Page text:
We were finally heading for the Tuamotus, also known as the dangerous archipelago, which is a group of over 70 low lying atolls that runs for several hundred miles in a northwest - southeast direction between the Marquesas and Society Islands. They get their name because they are low lying which makes them difficult to see until you are about four miles away. In most cases a palm tree is the tallest object and strange currents can exist between them, adding to the dangers. An atoll is basically an ancient volcano that has sunk back into the sea, leaving only a fringing coral reef around the old rim. The coral reef is not very thick (1/4 mile) but the atolls can be 30 miles long and 15 miles wide, they look (and feel) like great big salt water ponds with 100 foot depths on the inside and 3000 foot depths just on the outside. Usually there is only one pass in the reef which means all the water fills and empties from one spot creating very strong tidal currents (6-9 knots in some cases), faster than our boat will travel. This creates a navigators nightmare because you have to leave and enter the pass at slack tide, which makes inter-atoll route planning an interesting task to say the least. THEN you have to time your path across the atoll so that the sun is above or behind you so that you can see the coral heads that litter the inside of the lagoons.
We listened to the normal cruisers net and discovered that most boats were traveling the northern route through the island group, so we decided that we wanted to “go off the beaten path” and travel the most southern route we could reach based on winds. . The far southern atolls were used by the French for atomic testing and are off limits to cruisers, so we were aiming for Raroia, Makemo or Kauehi.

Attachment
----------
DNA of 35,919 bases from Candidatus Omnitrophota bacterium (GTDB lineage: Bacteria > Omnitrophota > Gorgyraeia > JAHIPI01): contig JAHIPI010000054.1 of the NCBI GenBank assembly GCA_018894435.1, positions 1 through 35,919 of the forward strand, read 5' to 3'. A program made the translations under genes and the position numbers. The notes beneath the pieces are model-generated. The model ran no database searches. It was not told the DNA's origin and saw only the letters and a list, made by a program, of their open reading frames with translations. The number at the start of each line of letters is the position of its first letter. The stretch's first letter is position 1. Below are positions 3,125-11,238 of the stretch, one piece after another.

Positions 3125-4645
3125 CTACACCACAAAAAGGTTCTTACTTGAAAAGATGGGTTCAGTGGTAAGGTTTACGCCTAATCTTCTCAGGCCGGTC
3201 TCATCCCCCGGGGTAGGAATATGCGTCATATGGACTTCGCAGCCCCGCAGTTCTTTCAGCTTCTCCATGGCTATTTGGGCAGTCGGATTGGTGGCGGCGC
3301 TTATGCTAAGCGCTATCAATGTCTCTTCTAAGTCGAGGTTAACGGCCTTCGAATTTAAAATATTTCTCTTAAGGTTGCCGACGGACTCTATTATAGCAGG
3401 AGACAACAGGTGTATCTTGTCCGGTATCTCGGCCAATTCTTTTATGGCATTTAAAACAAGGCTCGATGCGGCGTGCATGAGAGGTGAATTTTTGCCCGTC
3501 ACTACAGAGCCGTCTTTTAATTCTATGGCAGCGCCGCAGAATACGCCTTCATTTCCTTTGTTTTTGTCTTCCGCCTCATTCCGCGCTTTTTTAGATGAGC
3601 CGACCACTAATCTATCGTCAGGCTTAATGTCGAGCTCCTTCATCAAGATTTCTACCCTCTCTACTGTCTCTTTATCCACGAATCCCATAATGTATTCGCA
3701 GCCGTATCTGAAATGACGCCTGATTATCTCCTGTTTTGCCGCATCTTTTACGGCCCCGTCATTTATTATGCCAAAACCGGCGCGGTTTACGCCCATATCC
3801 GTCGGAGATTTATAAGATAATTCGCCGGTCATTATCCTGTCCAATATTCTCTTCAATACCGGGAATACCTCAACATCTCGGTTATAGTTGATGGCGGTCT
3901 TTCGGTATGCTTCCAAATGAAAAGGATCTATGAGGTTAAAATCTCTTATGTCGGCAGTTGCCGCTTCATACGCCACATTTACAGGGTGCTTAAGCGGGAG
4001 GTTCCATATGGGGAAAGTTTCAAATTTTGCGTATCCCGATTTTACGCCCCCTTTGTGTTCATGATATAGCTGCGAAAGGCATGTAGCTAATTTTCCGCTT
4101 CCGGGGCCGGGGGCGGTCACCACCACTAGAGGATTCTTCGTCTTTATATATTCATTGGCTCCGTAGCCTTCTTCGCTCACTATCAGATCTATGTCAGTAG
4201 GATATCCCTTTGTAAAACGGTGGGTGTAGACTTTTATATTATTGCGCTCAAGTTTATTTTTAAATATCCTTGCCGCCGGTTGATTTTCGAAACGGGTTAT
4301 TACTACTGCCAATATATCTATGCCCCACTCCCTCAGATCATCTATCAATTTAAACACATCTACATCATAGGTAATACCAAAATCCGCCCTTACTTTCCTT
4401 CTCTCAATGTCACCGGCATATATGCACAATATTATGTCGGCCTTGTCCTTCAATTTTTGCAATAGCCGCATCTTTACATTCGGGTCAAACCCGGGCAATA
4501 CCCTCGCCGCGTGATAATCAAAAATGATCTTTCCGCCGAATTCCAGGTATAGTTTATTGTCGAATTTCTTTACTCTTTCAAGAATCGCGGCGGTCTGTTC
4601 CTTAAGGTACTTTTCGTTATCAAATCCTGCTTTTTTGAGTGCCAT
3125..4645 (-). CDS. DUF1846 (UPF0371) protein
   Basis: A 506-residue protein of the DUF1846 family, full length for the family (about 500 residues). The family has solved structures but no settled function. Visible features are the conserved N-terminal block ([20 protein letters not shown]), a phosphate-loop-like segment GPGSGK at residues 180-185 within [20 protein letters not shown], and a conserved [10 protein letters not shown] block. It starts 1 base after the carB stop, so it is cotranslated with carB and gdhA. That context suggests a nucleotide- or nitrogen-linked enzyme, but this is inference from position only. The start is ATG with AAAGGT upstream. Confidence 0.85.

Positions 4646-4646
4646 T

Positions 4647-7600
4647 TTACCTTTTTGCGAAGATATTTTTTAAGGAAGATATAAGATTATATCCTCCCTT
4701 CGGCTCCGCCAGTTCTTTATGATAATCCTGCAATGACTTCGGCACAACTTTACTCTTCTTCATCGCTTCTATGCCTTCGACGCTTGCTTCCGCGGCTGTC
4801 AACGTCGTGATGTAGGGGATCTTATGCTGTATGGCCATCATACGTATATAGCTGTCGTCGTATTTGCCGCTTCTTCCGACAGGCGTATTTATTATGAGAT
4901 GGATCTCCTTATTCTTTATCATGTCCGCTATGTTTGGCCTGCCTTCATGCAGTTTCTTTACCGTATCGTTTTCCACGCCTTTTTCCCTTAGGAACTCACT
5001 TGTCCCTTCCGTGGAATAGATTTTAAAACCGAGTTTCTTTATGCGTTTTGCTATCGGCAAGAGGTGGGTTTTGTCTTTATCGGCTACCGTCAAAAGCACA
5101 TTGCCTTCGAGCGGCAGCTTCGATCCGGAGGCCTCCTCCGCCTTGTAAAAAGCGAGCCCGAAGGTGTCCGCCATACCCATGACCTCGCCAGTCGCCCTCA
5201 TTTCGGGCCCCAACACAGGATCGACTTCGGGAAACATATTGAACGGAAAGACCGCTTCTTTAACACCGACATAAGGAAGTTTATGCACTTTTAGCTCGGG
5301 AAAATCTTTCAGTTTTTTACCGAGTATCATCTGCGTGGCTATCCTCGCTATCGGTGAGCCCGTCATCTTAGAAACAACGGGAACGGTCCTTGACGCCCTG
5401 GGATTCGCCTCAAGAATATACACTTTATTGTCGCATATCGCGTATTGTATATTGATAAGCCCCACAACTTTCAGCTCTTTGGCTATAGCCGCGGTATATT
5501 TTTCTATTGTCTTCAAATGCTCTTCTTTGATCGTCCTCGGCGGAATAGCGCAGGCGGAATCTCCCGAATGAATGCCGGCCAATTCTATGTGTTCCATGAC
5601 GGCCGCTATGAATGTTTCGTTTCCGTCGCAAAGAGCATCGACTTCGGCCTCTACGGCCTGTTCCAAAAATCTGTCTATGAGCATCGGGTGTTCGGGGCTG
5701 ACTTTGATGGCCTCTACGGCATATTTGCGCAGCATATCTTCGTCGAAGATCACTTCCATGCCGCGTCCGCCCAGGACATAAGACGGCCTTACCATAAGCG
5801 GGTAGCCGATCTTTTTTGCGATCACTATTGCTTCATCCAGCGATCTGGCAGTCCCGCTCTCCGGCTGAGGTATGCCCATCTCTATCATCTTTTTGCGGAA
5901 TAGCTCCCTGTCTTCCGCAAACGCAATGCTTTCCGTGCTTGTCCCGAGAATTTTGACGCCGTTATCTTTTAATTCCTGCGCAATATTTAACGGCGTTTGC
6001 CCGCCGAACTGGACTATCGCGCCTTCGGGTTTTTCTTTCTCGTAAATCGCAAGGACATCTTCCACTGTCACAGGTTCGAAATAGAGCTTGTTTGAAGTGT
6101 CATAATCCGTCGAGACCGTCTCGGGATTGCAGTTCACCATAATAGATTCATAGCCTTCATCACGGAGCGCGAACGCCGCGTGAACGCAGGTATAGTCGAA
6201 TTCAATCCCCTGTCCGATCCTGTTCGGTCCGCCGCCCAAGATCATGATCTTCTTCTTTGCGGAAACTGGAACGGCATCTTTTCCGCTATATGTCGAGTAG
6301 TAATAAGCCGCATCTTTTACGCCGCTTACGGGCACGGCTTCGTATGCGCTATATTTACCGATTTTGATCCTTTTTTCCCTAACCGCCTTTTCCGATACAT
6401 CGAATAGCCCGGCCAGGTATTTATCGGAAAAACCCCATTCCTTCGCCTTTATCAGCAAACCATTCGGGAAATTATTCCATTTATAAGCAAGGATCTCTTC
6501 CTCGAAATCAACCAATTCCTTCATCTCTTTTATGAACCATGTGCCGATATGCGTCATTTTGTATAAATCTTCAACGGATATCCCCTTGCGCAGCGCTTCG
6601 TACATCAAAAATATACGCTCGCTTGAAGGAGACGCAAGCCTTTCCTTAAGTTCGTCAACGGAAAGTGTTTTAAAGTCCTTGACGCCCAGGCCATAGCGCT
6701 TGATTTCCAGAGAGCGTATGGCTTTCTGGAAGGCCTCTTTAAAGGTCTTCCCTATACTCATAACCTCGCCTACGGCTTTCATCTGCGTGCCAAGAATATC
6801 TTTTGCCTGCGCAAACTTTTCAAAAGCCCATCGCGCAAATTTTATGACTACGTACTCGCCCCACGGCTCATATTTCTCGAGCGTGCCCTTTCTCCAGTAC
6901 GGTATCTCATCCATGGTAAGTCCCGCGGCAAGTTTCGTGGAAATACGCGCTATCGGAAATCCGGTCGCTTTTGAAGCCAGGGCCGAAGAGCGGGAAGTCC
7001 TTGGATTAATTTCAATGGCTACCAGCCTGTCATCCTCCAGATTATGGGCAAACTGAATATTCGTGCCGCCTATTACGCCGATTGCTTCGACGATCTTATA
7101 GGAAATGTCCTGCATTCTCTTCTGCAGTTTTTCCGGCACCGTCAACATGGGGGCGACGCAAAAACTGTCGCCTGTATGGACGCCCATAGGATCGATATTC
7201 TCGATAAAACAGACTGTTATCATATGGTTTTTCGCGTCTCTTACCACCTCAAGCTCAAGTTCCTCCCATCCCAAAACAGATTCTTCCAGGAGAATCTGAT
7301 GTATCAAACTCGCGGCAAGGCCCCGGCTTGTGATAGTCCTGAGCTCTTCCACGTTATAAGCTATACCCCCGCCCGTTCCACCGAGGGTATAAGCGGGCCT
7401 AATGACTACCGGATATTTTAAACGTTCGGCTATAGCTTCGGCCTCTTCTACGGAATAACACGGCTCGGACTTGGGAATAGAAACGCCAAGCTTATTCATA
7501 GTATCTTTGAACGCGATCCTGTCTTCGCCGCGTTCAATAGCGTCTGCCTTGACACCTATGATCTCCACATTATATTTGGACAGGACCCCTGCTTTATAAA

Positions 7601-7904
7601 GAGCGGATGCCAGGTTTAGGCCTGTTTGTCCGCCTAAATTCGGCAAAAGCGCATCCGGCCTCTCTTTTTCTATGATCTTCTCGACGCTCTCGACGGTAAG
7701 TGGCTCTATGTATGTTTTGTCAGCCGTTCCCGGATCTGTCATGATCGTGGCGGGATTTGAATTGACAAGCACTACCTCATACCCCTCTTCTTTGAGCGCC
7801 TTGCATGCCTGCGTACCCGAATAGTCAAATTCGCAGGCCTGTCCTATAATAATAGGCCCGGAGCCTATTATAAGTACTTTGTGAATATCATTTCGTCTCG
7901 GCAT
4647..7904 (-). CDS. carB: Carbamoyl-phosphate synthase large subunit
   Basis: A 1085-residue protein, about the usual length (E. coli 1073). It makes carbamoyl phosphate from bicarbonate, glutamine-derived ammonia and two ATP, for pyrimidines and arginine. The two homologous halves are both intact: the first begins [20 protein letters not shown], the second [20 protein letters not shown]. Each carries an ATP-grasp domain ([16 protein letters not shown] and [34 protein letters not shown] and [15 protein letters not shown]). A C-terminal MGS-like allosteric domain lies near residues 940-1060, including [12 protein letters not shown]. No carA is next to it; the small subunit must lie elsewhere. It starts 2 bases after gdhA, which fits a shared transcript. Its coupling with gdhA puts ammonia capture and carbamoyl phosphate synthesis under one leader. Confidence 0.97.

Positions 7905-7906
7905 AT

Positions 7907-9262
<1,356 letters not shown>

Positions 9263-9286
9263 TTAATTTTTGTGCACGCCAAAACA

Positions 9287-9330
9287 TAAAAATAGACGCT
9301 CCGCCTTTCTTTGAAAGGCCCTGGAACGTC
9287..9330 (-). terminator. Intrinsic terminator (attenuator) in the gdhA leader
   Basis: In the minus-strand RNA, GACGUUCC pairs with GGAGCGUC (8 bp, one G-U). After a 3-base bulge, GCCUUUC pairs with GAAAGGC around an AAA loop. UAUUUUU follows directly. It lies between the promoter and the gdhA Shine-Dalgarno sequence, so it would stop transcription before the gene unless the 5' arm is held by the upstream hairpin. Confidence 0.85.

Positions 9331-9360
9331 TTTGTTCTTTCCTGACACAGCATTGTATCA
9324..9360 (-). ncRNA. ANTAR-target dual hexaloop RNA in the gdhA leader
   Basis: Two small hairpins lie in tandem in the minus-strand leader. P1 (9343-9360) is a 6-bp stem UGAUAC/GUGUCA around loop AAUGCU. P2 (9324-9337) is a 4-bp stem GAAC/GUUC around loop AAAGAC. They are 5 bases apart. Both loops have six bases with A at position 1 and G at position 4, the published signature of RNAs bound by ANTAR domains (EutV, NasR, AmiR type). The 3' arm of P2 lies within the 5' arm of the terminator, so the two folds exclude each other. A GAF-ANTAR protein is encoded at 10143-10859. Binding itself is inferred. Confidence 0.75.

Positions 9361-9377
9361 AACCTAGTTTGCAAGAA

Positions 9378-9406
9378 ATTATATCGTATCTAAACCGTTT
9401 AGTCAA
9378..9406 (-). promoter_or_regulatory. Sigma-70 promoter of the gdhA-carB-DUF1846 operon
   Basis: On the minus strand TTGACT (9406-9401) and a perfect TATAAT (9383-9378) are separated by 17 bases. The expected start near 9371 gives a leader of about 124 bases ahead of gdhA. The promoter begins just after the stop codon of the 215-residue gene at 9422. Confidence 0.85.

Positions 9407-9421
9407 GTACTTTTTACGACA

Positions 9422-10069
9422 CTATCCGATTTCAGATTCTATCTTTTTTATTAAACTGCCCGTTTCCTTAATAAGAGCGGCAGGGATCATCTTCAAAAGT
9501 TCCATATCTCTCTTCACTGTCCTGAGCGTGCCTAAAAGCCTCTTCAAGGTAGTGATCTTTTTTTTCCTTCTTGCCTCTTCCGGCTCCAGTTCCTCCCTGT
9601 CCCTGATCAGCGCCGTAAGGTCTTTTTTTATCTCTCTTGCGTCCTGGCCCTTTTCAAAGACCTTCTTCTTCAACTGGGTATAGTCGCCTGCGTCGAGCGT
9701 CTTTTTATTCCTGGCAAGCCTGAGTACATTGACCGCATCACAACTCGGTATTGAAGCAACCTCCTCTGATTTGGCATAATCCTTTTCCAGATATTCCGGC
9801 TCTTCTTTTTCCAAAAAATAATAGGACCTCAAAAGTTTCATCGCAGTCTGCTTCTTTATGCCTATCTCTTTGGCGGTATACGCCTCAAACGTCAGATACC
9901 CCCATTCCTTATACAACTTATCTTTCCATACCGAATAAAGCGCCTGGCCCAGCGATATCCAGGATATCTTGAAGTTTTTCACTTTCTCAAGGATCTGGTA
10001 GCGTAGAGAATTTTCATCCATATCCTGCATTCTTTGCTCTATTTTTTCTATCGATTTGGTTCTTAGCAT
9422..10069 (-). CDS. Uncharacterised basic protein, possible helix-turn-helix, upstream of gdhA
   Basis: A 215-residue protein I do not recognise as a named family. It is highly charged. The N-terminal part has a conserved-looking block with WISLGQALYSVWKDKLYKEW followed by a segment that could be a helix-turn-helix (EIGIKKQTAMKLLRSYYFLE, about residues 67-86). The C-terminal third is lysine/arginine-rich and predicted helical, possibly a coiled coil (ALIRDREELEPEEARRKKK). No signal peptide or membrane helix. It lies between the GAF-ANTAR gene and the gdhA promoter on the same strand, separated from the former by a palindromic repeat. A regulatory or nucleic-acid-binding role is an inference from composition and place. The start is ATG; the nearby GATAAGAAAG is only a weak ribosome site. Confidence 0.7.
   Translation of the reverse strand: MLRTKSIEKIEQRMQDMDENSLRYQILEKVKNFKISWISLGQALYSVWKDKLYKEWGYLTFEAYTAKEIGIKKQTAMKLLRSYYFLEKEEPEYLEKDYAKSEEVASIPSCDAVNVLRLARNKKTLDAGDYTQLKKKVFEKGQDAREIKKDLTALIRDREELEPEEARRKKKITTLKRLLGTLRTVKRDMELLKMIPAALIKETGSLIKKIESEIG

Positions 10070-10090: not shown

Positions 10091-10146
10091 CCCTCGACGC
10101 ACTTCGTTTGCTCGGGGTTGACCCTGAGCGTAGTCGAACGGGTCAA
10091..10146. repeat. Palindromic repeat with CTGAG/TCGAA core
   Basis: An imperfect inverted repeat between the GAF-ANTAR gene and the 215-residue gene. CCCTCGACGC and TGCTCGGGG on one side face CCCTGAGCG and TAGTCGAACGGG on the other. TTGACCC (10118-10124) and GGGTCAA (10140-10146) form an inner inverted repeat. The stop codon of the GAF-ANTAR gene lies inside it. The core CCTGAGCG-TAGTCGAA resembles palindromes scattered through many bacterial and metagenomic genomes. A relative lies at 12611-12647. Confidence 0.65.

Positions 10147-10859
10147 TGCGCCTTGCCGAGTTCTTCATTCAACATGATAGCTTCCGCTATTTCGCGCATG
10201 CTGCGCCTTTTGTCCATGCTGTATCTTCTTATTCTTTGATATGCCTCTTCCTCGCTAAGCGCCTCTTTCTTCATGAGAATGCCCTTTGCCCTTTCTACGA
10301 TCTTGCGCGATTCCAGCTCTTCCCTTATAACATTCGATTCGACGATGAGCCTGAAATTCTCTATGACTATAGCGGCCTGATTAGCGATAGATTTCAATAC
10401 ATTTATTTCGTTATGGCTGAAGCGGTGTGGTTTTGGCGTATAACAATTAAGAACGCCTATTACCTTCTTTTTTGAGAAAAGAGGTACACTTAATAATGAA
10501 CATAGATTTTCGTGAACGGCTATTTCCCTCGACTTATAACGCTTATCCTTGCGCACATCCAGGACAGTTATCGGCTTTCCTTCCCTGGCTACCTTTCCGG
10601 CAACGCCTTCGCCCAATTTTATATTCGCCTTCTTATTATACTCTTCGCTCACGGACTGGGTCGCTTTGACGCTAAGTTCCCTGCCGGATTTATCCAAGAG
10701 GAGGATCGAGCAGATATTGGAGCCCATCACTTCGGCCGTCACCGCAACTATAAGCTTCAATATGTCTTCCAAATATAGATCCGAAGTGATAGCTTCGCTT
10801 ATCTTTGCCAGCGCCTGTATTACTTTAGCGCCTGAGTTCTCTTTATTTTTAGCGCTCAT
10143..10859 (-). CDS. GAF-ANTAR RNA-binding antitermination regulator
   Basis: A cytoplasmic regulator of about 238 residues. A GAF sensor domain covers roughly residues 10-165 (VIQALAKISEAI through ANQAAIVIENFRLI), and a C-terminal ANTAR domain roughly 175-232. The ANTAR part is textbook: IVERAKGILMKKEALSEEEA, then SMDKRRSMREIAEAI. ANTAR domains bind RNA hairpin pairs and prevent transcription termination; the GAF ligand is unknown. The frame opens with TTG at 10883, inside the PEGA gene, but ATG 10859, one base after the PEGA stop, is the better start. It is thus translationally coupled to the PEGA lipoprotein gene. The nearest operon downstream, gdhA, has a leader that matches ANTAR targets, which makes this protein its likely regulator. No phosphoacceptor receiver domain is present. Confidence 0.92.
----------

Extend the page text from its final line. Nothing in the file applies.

|Our route from the Marquesas to Tuamotus|
It was about a 550 nautical mile trip, which we planned for three and a half or four days. For me it was nice to be at sea again, I think we got stuck in our last anchorage in the Marquesas too long. KT pre-cooked a lot of excellent amazingly great tasting food, which made her less sea sick, so we were like a sailing machine. Our goal was to aim as far southeast in the Tuamotus as possible so that we could sail down wind to the other atolls that we felt like visiting. The wind was further from the southeast than normal so we spent the first couple of days closer to the wind (70o) than we had planned. As usual the swells were from a different direction (southerly) so we had a pretty wet ride as the swells smacked us right on the nose. After a few days our friends that left a day behind us, who were not enjoying the bashing, decided they were heading for Kauehi. Kauehi was our furthest west destination but an atoll with a very easy pass entrance and still off the main northern path. We bore off which created a much more comfortable ride, although we did have to reduce sail so that we would not arrive in the middle of the night.
I can’t imagine traveling like Cook through these islands without charts and radar, if you blinked you’d miss them. I was a little nervous so we used our radar and spotted the atoll right in its charted position. The electronic charts we used were exact, like a big person looking down from the sky and drawing us on the chart. Now we had to time our entrance. We waited in front of the pass entrance by heaving-to, planning to enter around 11:30. We noticed a couple of other boats on the horizon and they talked to their friends in the anchorage via VHF who said that anytime was good, because it was wide (1000’) with no obstructions on either side. They both entered ahead of us without incident, so we just followed right along. We had two knots of current going with us with some pretty big standing waves (three feet vs. dead flat) inside the pass, and got squirrelly once or twice, but did fine.